Day Nine of the Old Legs Tour of New Zealand – From Te Aroha to Mangakino, instead of Whakamaru.

Day 9 stats
Distance – 132 km
Time – 10 hr 51 min
Climb – 1209 meters.
Average heart rate -130 bpm
Highest heart rate- 187 bpm
Calories burnt – 4269 a.k.a. 26 cheeseburgers
The day got off to the planned gentle start from Te Ahora to Matamara but thereafter denigrated into hills, single track, and my longest day on the bike.
NB Matamara is where they filmed the Lord of the Rings. It was like riding in England with oak trees and park benches but with dead possums on the road. I worry about New Zealand’s possum population.
We were joined on the road by guest riders and ex-Zimbos Garth Wolton and Richard and Sarah Fraser McKenzie. We impressed them by our ability to use cutting edge satellite technology to blunder off course spectacularly, adding an extra 15 kilometers onto an already long day, plus the most incredible bonus views of the Waikato basin, and some breathtaking descents down to the Waikato River, so it all worked out good. But I do think they worry about us finding our way to the bottom of the South Island.
Previously, I thought Waikato was just the name of a rugby club, but it is also the name of the river and the basin..The Waikato, New Zealand’s largest river, drops from Laka Taupo to the Firth of Thames, wide and fast running, with an impressive 16 hydro power stations along its length. If only Zimbabwe could count that high.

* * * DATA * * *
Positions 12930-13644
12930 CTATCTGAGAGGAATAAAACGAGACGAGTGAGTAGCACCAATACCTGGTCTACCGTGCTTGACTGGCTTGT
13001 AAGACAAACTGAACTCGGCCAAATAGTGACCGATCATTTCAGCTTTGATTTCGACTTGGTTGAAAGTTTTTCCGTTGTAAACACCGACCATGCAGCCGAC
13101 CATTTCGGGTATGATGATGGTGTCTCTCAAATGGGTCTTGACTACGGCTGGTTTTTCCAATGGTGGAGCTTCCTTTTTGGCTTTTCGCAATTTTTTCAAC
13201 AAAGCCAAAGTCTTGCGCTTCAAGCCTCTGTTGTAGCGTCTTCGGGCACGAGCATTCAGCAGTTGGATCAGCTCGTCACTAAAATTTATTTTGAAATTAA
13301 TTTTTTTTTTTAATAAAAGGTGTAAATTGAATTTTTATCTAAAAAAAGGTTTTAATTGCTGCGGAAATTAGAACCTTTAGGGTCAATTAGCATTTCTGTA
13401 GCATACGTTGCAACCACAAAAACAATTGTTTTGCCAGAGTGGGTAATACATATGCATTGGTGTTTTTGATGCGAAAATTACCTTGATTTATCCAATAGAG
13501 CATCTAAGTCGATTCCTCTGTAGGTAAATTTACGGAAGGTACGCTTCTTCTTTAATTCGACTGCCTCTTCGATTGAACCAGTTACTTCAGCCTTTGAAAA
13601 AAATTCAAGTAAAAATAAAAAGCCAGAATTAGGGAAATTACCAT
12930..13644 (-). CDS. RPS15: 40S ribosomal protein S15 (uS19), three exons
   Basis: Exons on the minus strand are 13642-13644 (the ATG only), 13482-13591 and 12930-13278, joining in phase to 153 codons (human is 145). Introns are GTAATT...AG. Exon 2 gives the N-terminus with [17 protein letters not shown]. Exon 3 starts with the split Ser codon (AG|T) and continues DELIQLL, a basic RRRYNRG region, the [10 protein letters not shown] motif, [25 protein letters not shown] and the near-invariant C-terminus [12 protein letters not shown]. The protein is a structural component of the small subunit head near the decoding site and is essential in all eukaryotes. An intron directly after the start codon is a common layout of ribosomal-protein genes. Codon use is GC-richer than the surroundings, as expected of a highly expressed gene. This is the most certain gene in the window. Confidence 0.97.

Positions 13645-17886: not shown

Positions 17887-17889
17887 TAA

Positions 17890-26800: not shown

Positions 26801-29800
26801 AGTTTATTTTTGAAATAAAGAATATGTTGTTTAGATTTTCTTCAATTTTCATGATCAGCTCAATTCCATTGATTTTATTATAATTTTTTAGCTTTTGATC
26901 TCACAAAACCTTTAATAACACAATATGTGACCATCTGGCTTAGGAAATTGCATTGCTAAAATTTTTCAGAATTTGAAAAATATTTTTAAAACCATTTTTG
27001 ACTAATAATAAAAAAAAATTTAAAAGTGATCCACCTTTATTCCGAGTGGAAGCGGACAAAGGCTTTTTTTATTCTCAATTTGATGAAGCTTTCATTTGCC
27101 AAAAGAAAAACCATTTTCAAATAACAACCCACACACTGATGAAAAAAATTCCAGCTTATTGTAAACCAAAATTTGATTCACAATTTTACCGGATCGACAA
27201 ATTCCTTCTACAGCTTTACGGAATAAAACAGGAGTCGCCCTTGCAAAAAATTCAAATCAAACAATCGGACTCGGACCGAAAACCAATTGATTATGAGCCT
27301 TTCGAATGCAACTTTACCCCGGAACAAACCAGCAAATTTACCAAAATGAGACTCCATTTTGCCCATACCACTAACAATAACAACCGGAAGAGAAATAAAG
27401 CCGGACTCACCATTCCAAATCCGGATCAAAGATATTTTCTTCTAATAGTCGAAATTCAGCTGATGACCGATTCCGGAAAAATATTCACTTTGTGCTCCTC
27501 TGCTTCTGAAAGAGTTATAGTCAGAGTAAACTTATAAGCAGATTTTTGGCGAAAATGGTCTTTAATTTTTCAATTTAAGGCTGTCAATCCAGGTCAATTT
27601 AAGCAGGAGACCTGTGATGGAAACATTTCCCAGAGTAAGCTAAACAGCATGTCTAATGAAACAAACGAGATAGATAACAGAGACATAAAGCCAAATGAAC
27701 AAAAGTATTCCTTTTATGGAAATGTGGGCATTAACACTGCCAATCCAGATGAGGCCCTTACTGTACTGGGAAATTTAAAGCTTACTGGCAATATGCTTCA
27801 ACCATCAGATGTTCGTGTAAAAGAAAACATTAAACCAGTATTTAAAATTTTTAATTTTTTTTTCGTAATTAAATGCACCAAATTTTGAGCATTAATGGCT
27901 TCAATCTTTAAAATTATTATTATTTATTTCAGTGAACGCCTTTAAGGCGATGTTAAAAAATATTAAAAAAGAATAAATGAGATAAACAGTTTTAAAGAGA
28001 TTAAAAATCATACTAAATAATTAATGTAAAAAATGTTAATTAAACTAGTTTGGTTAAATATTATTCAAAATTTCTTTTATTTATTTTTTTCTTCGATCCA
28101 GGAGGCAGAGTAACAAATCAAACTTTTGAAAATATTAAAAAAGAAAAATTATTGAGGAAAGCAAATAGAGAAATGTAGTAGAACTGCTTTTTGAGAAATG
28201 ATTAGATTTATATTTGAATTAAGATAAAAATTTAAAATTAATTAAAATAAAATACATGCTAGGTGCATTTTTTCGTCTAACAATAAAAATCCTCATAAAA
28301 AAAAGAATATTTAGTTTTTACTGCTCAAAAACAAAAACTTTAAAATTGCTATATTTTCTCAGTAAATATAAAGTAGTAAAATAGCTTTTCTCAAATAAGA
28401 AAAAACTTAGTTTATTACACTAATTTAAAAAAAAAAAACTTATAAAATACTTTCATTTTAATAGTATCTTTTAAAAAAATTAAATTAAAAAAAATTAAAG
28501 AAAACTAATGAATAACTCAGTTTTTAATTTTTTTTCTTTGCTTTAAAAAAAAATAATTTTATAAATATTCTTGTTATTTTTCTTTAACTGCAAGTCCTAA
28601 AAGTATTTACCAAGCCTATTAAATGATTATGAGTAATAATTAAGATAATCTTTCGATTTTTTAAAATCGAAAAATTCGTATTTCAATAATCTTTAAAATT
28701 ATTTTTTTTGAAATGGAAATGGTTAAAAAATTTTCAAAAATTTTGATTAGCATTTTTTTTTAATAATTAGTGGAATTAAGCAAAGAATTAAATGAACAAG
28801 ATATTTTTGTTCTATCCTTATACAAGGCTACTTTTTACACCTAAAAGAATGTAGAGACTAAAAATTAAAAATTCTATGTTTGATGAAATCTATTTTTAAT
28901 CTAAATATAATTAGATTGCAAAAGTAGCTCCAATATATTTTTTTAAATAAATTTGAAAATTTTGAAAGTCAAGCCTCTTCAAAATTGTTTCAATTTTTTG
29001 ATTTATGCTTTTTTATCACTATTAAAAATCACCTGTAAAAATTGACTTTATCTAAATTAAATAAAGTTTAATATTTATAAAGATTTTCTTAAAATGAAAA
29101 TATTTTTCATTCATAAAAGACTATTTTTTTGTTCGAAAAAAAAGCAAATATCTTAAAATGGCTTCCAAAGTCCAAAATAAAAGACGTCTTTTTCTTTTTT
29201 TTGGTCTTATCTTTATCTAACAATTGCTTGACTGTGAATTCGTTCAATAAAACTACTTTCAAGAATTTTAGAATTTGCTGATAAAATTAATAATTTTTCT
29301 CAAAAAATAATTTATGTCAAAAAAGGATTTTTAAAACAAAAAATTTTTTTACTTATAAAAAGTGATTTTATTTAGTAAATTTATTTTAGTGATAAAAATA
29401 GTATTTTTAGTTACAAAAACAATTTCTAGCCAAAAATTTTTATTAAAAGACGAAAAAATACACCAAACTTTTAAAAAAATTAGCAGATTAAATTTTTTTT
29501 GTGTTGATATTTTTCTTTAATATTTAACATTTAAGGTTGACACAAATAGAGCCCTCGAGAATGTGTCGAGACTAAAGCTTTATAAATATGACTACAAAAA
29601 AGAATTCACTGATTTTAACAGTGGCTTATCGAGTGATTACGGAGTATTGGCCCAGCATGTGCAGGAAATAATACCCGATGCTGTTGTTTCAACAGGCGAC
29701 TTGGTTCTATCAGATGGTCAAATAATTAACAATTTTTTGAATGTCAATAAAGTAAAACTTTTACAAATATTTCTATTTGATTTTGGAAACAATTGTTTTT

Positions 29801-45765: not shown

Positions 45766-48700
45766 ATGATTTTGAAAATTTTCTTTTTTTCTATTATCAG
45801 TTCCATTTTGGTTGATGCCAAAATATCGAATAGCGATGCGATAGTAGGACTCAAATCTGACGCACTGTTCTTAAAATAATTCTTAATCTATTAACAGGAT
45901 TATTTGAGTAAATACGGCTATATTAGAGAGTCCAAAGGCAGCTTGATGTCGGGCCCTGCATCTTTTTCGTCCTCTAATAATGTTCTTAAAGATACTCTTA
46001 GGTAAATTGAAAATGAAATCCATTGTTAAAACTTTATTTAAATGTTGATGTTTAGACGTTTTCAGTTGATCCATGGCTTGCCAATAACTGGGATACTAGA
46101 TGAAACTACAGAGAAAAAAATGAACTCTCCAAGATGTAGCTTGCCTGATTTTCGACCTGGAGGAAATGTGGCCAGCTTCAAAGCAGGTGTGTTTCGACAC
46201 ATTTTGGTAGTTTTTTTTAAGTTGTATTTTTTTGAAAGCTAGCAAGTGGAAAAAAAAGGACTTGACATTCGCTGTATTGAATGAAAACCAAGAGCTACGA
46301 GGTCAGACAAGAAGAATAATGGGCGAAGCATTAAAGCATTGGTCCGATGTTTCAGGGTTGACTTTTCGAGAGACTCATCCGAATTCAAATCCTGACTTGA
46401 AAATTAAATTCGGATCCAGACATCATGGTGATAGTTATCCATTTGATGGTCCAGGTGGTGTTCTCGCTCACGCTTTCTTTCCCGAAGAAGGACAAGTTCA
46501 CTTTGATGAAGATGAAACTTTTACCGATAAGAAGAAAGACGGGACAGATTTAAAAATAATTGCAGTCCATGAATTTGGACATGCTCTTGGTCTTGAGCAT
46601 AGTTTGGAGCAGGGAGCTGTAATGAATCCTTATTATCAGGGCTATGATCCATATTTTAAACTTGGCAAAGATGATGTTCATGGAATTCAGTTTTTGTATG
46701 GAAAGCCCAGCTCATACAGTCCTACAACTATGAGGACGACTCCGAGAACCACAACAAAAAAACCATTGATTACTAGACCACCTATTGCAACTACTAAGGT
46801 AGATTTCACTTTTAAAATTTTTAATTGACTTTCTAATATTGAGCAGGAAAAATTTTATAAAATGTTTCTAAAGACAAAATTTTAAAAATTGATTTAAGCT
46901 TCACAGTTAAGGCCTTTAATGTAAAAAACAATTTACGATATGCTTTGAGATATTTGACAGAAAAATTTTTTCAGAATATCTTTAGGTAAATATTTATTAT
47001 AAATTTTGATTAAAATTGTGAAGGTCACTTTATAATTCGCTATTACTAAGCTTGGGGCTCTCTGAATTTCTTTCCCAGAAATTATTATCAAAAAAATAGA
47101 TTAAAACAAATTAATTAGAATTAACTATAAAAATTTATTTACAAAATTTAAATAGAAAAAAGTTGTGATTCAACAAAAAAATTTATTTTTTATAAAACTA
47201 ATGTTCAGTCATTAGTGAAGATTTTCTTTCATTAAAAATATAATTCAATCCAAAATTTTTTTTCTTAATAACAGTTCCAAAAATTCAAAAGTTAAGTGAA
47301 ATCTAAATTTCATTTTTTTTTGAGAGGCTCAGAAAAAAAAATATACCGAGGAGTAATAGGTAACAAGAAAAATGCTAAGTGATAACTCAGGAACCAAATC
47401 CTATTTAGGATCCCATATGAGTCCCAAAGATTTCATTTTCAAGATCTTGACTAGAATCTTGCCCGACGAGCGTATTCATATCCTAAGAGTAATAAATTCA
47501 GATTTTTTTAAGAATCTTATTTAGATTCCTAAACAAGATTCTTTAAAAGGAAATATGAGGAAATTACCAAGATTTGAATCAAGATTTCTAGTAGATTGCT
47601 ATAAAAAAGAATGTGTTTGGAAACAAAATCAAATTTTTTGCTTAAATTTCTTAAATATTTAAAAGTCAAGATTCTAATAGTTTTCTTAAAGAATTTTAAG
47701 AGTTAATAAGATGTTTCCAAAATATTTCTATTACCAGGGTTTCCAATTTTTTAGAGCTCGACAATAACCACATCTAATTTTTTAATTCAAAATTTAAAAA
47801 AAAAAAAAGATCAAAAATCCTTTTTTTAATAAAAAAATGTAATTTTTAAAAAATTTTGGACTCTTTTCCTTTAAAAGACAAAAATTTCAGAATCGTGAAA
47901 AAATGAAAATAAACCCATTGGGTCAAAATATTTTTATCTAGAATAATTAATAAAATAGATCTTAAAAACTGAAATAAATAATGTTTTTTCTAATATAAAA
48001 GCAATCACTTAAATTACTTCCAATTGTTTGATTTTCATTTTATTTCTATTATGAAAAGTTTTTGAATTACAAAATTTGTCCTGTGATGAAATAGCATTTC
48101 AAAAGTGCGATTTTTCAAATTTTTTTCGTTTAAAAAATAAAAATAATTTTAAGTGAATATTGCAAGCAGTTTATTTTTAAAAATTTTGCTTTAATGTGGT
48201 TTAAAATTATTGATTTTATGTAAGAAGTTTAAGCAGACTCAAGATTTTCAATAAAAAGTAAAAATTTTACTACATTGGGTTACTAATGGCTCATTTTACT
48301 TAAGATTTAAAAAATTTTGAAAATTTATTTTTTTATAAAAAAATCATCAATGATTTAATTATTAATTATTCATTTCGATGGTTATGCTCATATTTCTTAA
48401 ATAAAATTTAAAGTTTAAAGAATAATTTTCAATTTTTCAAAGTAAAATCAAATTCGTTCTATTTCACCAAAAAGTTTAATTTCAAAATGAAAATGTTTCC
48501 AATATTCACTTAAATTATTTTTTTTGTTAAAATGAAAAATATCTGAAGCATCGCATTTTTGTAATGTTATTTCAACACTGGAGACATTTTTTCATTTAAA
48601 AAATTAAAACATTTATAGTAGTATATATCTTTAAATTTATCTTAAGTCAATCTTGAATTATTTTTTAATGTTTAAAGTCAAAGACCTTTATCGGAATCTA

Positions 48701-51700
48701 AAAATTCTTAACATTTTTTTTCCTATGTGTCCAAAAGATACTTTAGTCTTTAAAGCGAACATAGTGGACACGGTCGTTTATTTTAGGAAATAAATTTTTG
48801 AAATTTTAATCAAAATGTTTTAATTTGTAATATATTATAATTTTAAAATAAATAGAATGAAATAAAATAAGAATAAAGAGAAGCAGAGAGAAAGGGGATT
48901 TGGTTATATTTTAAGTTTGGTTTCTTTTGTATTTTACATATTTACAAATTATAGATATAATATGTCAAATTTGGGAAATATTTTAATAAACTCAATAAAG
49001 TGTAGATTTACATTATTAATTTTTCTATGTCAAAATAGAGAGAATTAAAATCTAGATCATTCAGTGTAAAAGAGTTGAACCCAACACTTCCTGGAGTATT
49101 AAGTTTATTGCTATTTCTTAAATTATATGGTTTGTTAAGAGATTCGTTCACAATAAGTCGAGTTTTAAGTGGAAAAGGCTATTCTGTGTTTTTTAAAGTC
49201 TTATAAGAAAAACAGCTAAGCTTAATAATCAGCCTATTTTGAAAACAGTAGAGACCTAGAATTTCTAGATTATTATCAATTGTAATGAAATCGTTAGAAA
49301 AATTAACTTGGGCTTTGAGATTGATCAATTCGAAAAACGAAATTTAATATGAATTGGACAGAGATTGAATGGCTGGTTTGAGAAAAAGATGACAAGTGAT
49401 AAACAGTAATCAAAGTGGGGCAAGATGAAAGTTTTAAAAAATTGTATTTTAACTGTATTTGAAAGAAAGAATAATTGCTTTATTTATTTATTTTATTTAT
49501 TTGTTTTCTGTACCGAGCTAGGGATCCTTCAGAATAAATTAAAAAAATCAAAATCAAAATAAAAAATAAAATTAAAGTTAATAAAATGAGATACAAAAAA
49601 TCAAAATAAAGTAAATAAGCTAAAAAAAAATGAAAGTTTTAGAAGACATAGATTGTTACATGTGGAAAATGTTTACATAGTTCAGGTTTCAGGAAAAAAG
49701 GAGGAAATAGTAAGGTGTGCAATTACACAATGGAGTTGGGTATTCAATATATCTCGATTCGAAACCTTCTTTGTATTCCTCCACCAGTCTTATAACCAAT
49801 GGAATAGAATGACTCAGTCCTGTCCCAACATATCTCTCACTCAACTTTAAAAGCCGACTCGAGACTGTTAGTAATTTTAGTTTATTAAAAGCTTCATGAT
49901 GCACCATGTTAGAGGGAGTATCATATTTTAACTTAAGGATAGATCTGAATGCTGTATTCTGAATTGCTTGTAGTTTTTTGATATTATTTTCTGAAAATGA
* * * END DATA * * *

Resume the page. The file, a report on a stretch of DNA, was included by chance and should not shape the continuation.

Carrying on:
The Waikato also boasts a single track bike trail of the same name. Despite attending a technical school, I am officially crap at riding technical single track. I am blind like half a bat and struggle with depth perception. My view is very two dimensional. I see rocks, tree stumps and deep crevices clearly, and then I hit them.
The Waikato River Trail was 15 kilometers of gnarly single track, with short punchy impossibly steep climbs and even more impossible switchback descents, complete with rocks, tree stumps and deep crevices, and an even deeper gorge to our right. I could hear the river rushing 50 meters below, but didn’t dare look.
Suffice to say, I did not cover myself in glory. Which got Howard worrying about how I would cope with the 100 kilometers of Timber Trail on Day 10, if I survived the rest of Day 9.
There are an obscene number of hills in New Zealand. To squeeze them all in, they’ve had to jam them one on top of the other. We climbed 1200 meters straight up and there was still no sign of the top. We did find a lake however, which was rather disconcerting. In Zimbabwe, lakes are generally found at the bottom of hills.
Luckily Rob’s chain broke near the top of the hill and we were forced to stop. Unluckily, Garth was able to quickly fix the chain, allowing us to push on to Whakamaru.
Māori is a very phonetic language, full of vowels and quirky rules. For instance, the letters WH are pronounced as the letter F. Whakamaru is sounded as Fakamaru instead. Because Whakamaru is on top of the harshest hill I’ve ever climbed on a bicycle, the F sound was more in keeping with my mood at the time. In New Zealand the hills have no names. In Zimbabwe we name our hills, so we can remember them and avoid them. I have named the Whakamaru hill Mount Whucker.
As it happened we ran out of legs 14 kilometers before reaching Whakamaru and we overnighted in Mangakino instead. We are riding to raise money and awareness for Zimbabwe’s pensioners. Follow our adventure on Facebook but be warned, we ride slow like paint dries. Please also follow the donate prompts on
Until my next blog from the Timber Trail, have fun, do good and do epic if you can – Eric Chicken Legs de Jong

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